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Heart-starting research has lifesaving potential

Published:  15 July 2022

Nathan Engstrom will combine 20 years of experience as a cardiac scientist and a $70,000 Study, Education and Research Trust Account (SERTA) grant into a potentially lifesaving study.

Mr Engstrom said his research would explore a new system for selecting patients who require an implantable cardioverter-defibrillator (ICD) to prevent a cardiac arrest after suffering heart failure.

’’The study was born from my observations of Townsville University Hospital patients who had experienced heart failure and then had an ICD implanted,” Mr Engstrom said.

‘‘An ICD is a battery-powered device placed under a patient’s skin that keeps track of a person’s heart rate and if an abnormal heart rhythm (arrhythmia) is detected, the device will deliver an electric shock to restore a normal heartbeat.

“As a cardiac scientist working in the device clinic, I’ve seen a lot of patients fitted with an ICD, in line with the current medical guidelines, who did not experience an arrhythmia post-implant.

‘‘This means, an ICD may not be the most appropriate type of care for their condition as they have life-long implications for our patients and, if there is minimal risk of an arrythmia post-implant, there is little benefit aside from being a precautionary, but potentially lifesaving, measure.

“Patients with ICDs require lifelong appointments and hospital care, there is a small risk of the device being tricked which can give an electric shock when not needed and they must be replaced every few years through an invasive surgery.”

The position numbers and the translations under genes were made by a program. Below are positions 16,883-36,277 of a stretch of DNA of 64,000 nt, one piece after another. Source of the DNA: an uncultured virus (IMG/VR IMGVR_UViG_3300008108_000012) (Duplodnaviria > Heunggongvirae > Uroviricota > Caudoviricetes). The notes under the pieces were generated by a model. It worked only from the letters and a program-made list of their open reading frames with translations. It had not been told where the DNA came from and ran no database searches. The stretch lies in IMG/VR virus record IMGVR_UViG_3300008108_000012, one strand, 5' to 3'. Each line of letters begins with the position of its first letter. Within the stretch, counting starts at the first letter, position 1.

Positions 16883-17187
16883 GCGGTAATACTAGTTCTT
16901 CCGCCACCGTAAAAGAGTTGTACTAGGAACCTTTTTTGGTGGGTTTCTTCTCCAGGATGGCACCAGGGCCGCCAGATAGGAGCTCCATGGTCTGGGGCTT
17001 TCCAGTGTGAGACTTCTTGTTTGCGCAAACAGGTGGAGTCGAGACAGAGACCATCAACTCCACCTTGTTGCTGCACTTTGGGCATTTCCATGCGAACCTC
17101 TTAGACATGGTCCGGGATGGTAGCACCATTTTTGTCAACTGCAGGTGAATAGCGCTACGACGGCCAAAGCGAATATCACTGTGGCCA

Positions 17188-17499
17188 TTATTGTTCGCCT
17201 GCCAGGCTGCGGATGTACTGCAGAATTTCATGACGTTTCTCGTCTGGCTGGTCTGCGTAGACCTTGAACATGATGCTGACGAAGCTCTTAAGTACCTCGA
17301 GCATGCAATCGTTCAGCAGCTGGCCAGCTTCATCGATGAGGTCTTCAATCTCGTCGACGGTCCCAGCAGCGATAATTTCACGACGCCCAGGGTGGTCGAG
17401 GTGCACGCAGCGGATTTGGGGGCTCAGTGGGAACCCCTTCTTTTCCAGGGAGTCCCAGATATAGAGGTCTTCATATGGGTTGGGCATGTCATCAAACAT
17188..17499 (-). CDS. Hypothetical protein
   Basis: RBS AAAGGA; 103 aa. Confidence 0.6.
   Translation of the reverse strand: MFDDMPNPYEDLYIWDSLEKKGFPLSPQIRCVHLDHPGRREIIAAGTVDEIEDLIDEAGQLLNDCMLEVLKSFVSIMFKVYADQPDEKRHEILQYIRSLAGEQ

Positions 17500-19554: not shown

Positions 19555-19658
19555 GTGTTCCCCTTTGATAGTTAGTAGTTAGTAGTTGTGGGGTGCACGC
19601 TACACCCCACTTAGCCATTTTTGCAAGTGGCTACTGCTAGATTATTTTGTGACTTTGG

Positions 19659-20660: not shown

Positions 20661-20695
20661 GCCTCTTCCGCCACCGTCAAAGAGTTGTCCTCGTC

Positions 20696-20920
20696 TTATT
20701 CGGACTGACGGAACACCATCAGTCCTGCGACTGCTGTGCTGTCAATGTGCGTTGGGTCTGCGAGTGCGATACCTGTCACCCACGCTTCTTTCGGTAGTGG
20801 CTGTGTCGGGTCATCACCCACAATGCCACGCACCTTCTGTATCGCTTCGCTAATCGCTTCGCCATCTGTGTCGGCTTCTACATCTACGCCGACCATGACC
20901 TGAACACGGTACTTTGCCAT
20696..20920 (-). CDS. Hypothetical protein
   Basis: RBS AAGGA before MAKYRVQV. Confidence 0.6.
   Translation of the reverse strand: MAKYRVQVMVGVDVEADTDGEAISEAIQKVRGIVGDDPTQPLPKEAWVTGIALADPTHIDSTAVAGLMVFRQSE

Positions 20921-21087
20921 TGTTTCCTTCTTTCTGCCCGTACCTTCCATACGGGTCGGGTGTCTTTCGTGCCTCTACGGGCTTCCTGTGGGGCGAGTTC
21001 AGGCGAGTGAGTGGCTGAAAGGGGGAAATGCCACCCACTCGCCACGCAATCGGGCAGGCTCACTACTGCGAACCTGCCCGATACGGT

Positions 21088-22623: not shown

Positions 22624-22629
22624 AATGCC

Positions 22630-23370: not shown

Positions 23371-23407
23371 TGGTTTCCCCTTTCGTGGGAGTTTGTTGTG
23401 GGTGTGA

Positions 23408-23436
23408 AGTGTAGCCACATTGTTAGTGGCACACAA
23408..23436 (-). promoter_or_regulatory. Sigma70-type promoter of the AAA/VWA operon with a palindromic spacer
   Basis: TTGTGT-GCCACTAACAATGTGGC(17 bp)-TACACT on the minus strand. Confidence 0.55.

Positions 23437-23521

Mr Engstrom said his pilot study, conducted in 2020, demonstrated that only a small percentage of patients with an ICD experienced an arrythmia post-implant and a similar number experienced an inappropriate firing of the device.

“I conducted a pilot study during my initial phase of research, and it showed that only 20 per cent of people with an ICD benefited from the device fixing their ventricular arrhythmia and another 14 per cent had some form of inappropriate therapy from their device.

 “The aim of this PhD is to establish a better way of determining who needs an ICD and improving outcomes for our patients.”

 Mr Engstrom said without the support of Townsville HHS’s SERTA grants, he wouldn’t be able to undertake this research.

 “I never thought I would end up doing my PhD; I started with my graduate certificate which was good because it allowed me to dip my toes in the water,” Mr Engstrom said.

 “The support from the Townsville Hospital and Health Service research team and Professor Geoffrey Dobson and Dr Hayley Letson from James Cook University has been invaluable to me.

 “My goal is to have a research paper that eventually leads to an improved patient experience by exploring new methods for determining who needs an ICD.

 “I know it can take a long time to enact this sort of change, but I will wait and see where my research takes me.”

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